Cramped quarters

Frustration mounts as animal shelter progress stalls

-Messenger photo by Elijah Decious
Merri Hansen, animal control officer in Humboldt County, tries to settle Levi, a husky mix who was surrendered by his former owner.

HUMBOLDT — Animal Control Officer Merri Hansen has grown increasingly frustrated in recent weeks.

Since she started three years ago, about 700 cats and dogs have come through Humboldt Community Animal Shelter from around Humboldt County. The size of the shelter, about 260 square feet, remains a source of tension between her and the City and County of Humboldt.

In the small rented space, which Hansen said was meant to be a temporary fix, one corner is occupied by four crates, stacked two-by-two. This is the “quarantine area,” even though it doesn’t meet the closed off requirements for one.

Just a few steps from that, several kennels hold various dogs and cats, in the building about 60 square feet larger than a 25-foot camper.

Social media posts expressed her frustration at the situation, which she says has been three years in the making. Close quarters leave little room to walk and unintended consequences between dogs and cats that sometimes need to be separated.

-Messenger photo by Elijah Decious
Levi, a husky pup at Humboldt Community Animal Shelter, has juvenile cataracts. Merri Hansen, animal control officer in Humboldt County, gives Levi a treat.

The paperwork that is a constant necessity on the job also suffers from a lack of separation, scattered here and there in small stacks in between dusty printers and other items around the “office” that have been nudged by a wet nose more than once or twice.

Dogs muddy from the outdoor run can’t get a rinse inside, as the facility has no wash tub.

After jumping through hoops for zoning and finding a piece of land in city limits where the shelter could be moved to for more space, she says the progress came to a stop.

“I honestly don’t know where the hold up is,” she said, expressing exasperation with the red tape. “I signed up for (being an ACO) obviously, but it doesn’t need to be this hard.”

“I can’t tell you either,” Travis Goedken, Humboldt city administrator, said on Wednesday. “I don’t know, honestly.”

-Messenger photo by Elijah Decious
Merri Hansen, animal control officer in Humboldt County, is growing frustrated with a shelter she says is too small for the needs of neglected, abandoned and surrendered animals. The current shelter building is about 250 square feet.

“We have a resolution that says once they buy the land, we’ll give them a donation. They haven’t bought the land,” he said, so the $2,500 donation has not been made.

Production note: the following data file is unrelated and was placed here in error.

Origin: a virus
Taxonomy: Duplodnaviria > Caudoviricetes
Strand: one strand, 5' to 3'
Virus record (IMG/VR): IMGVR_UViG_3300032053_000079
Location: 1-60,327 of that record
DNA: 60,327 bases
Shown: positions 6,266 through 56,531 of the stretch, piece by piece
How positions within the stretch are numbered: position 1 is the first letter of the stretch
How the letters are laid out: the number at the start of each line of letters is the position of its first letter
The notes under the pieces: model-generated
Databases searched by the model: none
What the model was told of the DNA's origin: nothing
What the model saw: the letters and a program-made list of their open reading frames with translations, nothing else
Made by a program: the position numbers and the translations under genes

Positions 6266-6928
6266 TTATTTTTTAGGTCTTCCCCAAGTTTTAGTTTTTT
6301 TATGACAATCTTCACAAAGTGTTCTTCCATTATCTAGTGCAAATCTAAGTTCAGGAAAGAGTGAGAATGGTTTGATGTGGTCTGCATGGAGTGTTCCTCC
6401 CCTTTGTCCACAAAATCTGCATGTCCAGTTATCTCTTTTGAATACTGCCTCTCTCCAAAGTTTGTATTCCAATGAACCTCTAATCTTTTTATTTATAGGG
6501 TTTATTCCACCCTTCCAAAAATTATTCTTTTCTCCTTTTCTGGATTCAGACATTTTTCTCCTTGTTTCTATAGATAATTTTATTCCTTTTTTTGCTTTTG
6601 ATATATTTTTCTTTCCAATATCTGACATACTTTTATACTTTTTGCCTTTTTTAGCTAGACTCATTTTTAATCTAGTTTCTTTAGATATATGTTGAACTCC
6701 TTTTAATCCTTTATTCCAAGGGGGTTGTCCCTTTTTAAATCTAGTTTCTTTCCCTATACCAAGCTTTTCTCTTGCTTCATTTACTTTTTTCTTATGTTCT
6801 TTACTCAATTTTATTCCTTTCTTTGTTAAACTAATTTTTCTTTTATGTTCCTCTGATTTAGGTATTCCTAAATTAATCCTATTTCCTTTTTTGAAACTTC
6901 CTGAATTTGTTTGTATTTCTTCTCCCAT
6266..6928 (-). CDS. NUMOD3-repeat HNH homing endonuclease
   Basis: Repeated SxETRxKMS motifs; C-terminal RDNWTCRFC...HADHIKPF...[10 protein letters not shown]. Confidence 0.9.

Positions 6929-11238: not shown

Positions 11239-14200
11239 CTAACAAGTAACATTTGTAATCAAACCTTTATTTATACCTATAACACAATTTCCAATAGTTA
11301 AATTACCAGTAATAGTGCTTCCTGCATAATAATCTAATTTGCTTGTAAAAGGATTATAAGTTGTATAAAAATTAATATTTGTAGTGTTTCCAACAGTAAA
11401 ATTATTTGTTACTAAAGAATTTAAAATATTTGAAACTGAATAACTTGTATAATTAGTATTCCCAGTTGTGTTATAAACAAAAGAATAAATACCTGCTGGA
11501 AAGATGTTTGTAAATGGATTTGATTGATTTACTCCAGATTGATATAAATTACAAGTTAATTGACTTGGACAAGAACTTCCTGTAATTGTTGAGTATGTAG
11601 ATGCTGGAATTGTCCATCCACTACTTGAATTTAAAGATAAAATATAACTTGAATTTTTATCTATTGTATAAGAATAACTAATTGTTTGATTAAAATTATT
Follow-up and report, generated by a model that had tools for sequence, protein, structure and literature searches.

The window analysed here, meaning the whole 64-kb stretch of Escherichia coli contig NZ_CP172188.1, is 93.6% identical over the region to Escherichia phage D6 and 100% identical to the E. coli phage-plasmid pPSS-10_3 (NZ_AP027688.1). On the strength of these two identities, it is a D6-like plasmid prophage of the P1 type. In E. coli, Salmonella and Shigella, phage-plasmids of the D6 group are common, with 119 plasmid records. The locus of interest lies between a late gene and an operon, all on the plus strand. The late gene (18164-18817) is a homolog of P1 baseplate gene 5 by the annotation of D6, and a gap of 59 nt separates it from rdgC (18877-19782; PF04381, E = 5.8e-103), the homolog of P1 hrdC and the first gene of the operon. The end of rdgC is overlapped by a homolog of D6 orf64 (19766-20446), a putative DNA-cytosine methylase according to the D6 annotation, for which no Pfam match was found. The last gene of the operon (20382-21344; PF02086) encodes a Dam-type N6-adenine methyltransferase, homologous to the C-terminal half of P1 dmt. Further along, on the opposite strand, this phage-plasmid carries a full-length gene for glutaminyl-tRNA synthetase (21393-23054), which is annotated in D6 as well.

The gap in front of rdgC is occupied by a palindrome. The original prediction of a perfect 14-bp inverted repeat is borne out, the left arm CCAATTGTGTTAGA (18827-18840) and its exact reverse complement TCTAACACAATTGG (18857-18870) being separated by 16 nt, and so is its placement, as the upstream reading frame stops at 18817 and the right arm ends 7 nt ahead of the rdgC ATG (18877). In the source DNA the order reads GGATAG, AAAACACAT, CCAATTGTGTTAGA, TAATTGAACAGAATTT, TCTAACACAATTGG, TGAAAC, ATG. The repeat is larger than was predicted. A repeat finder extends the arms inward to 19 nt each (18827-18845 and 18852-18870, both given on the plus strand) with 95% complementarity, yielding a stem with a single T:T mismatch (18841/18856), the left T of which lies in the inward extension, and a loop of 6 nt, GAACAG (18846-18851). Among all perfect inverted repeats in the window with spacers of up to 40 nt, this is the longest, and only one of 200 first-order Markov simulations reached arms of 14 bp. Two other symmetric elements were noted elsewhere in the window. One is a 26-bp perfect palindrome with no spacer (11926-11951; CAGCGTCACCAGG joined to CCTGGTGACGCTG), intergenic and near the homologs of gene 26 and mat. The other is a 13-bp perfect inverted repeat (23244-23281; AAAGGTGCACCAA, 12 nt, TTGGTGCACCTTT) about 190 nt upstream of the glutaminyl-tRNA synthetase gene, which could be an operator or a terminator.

Goedken said there’s a lot of misinformation sparking anger on social media.

“Social media has a way about it that no matter what we say, it’s not going to be believed–we’re the ‘big bad city,'” he said.

But Goedken said the accusation that the city and county aren’t helping is incorrect.

“I’m beyond frustrated with the lack of support from them,” Hansen said. “They say ‘we’re moving forward on it, but it’s been three years.”

Goedken contests that three year figure, saying the Humboldt Community Animal Shelter’s Board was only formed six months ago.

“This hasn’t been a project for three years,” he said. “I believe we’ve made tremendous strides in the six months that its been an actual organization.”

He said part of the problem is Hansen’s contract as an ACO was not intended to morph into a role where she takes in as many animals as a shelter does.

“That was never the intention of the city and county when she was hired,” Goedken said, distinguishing between animal control and animal sheltering.

That might part of why Hansen only gets paid for the animals she picks up through the dispatch system, reimbursed at $30 each.

She says most of the animals that come through are not picked up from dispatch, and she doesn’t do it for the money. The full-time custodian at Faith United Methodist Church hasn’t turned an invoice in to the city since December.

“I have a love for animals,” she said understatedly Wednesday, right after she got off her knees from sopping up the water a dog spilled all over the cement floor. She has to clean it up every day.

The dog has a habit of lapping up a little to drink, and then running a lap in the water with his paws.

“It’s our moral responsibility to take care of all the animals we have domesticated,” she said.

And that’s why she’s fundraising to get a new shelter that the animals deserve during what may be one of their lowest moments in life. She said over $20,000 has been raised by a community eager to step up, but the facility needs $125,000.

She hopes everyone will come to know their local shelter and its needs as well as she knows the needs of each animal.

“Levi likes cake doughnuts from Casey’s and car rides,” she said of the nearby husky that howled impatiently for attention, whining more exaggeratedly the longer he was ignored.

“For me to take it personal would probably affect what I do for them, so I’m not going to,” she said of the debacle with the city.

Plus, she has to set the example of hope for the animals.

“If you don’t have hope, what do you got?” Hansen said, an apt metaphor for helping dogs and cats abandoned, neglected or surrendered by people can’t or won’t take care of them.

Goedken said having the same person affiliated with both the animal shelter and animal control is “blurring the lines,” exacerbating the tension of the situation.

But confident in the direction of progress, Goedken said the conflict could be chalked up to miscommunication.

“I’m trying,” Hansen said. “If it kills me, I’m going to get this shelter built.”

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